Responses to the “turning point”
Germany takes a new security and defence policy course together with its partners in the EU and NATO.
Federal Chancellor Olaf Scholz has called the war against Ukraine a “turning point”. At the end of February, three days after Russia’s President Vladimir Putin began the war of aggression on the neighbouring country, he said in a policy statement: “The world afterwards will no longer be the same as the world before.” How much the world has altered is especially demonstrated by a changed security and defence policy, which Germany coordinates closely with its partners in the EU, NATO and also the G7.
Billions of euros in investment for Bundeswehr
In his policy statement at the end of February Scholz already announced a one-off special fund of 100 billion euros. “The goal is a powerful, cutting-edge, progressive Bundeswehr that can be relied upon to protect us,” said the Federal Chancellor. The money is intended above all to finance major armament projects. An amendment of the Basic Law, the German constitution, is planned to establish the special fund. A two-thirds majority in the Bundestag will be required to implement this.
Furthermore, the Federal Government intends to increase the defence budget. It aims to ensure that over 2% of gross domestic product is spent on defence every year. This is also a NATO target for all member states.
NATO’s central role
The security alliance, which currently has a membership of 30 countries including the USA and many European states, will have a decisive role to play here. NATO is currently strengthening its troop presence in Eastern Europe. Germany is also contributing to this: for example, Bundeswehr air defence units are being relocated to Slovakia.
The alliance was founded in 1949, and Germany has been a member since 1955. Article 5 of the North Atlantic Treaty outlines the casus fœderis that is of central importance for all member states. It stipulates: “The Parties agree that an armed attack against one or more of them in Europe or North America shall be considered an attack against them all.” The Federal Government has emphasised on many occasions that Germany unreservedly upholds this mutual defence obligation especially with regard to the countries of Eastern Europe.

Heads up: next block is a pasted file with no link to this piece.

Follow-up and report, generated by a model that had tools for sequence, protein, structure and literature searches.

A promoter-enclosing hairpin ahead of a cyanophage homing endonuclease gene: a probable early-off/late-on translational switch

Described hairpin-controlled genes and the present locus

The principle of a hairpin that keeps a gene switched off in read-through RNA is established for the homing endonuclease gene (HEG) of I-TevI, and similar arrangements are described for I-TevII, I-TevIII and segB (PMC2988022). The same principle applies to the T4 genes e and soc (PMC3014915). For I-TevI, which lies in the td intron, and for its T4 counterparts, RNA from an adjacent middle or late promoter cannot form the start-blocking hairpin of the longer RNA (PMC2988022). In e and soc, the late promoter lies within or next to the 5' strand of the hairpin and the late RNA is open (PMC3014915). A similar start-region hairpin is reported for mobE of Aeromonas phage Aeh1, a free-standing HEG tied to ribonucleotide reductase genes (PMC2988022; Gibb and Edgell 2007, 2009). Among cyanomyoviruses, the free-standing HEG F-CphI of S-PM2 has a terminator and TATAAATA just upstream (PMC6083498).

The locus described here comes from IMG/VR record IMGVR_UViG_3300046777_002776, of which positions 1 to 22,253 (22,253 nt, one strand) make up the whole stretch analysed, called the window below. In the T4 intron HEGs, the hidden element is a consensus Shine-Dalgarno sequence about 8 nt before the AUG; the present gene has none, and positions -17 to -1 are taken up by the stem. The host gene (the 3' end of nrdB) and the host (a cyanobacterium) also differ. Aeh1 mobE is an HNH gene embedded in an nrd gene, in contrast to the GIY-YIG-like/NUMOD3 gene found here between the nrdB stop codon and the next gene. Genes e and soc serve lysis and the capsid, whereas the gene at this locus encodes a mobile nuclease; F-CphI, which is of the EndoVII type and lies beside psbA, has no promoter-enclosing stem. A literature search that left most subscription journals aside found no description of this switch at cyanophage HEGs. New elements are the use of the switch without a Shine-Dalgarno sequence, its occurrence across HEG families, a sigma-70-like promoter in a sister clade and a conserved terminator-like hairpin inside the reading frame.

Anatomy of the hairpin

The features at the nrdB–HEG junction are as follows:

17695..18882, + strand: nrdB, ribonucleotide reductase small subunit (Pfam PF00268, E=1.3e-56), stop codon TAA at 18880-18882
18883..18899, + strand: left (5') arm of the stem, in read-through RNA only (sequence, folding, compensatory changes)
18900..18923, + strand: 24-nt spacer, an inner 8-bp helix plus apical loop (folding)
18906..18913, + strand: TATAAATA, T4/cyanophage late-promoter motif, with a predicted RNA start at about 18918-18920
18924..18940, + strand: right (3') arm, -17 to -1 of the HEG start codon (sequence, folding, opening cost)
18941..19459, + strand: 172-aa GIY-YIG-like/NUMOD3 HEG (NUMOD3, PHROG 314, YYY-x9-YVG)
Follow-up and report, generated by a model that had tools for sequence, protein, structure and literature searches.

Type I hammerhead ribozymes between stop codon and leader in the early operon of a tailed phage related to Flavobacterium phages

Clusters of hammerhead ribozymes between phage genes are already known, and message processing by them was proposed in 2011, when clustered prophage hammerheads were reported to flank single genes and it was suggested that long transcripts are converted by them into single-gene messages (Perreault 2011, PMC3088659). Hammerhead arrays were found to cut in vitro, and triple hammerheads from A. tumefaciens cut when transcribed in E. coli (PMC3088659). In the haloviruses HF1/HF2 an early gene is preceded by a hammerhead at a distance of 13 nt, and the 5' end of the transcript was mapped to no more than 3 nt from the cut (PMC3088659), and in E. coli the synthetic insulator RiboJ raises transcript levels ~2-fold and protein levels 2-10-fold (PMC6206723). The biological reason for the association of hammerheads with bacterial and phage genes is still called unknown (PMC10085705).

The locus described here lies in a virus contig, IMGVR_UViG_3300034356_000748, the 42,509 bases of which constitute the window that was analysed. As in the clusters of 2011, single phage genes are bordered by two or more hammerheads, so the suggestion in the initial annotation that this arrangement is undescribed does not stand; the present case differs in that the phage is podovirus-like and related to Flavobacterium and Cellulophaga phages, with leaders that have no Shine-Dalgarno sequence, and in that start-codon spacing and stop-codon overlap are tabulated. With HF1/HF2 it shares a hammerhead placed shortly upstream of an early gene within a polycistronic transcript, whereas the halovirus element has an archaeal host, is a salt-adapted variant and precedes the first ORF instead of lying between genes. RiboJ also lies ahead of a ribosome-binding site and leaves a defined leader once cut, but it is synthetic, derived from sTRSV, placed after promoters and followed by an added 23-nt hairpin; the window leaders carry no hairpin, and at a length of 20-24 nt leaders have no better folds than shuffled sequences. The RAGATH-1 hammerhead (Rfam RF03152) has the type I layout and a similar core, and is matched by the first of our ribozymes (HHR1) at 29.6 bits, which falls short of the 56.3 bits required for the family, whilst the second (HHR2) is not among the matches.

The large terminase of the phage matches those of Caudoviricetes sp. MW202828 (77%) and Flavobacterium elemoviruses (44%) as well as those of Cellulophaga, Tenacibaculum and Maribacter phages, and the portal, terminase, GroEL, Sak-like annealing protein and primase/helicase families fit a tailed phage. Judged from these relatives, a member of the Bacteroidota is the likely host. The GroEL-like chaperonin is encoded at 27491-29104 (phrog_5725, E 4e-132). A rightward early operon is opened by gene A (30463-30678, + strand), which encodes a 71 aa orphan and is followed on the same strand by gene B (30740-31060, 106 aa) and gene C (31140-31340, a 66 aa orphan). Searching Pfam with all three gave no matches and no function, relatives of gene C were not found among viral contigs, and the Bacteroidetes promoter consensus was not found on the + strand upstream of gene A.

New EU security policy
Future security policy strategy is also becoming a centre of attention in the European Union. In mid-March the foreign and defence ministers of the 27 EU member states agreed to establish a new military rapid reaction force as part of a new strategy. The multinational group with up to 5,000 soldiers is to be operational by 2025 at the latest. Germany has offered to provide the core of the planned reaction force. The new so-called Strategic Compass explicitly envisages that the defence and security policy of the EU will be aligned to complement NATO.
Arms deliveries to Ukraine
The Federal Government also initiated a change of direction in foreign policy with the delivery of anti-tank weapons and surface-to-air missiles. Federal Foreign Minister Annalena Baerbock said on the subject: “It is a war that necessitates the revision of the pillars of our foreign policy.” In a similar vein to Federal Chancellor Scholz, she emphasised: “If our world is a different one, then our policy must also be different.”
National Security Strategy
The war in Ukraine is also shaping work on the National Security Strategy that the Federal Government aims to realise. At an initial gathering for work on this new strategy Federal Foreign Minister Baerbock made the case for a “comprehensive understanding of security”. Here she included, for example, measures against climate change or, in concrete terms, an expansion of renewable energies. Baerbock insisted: “If we want to prove that the liberal idea is stronger than any authoritarian regime, then we must translate our principles even more effectively into practical policy – with a clear stance, with resolute action and with instruments that are agile, effective and in keeping with the times.”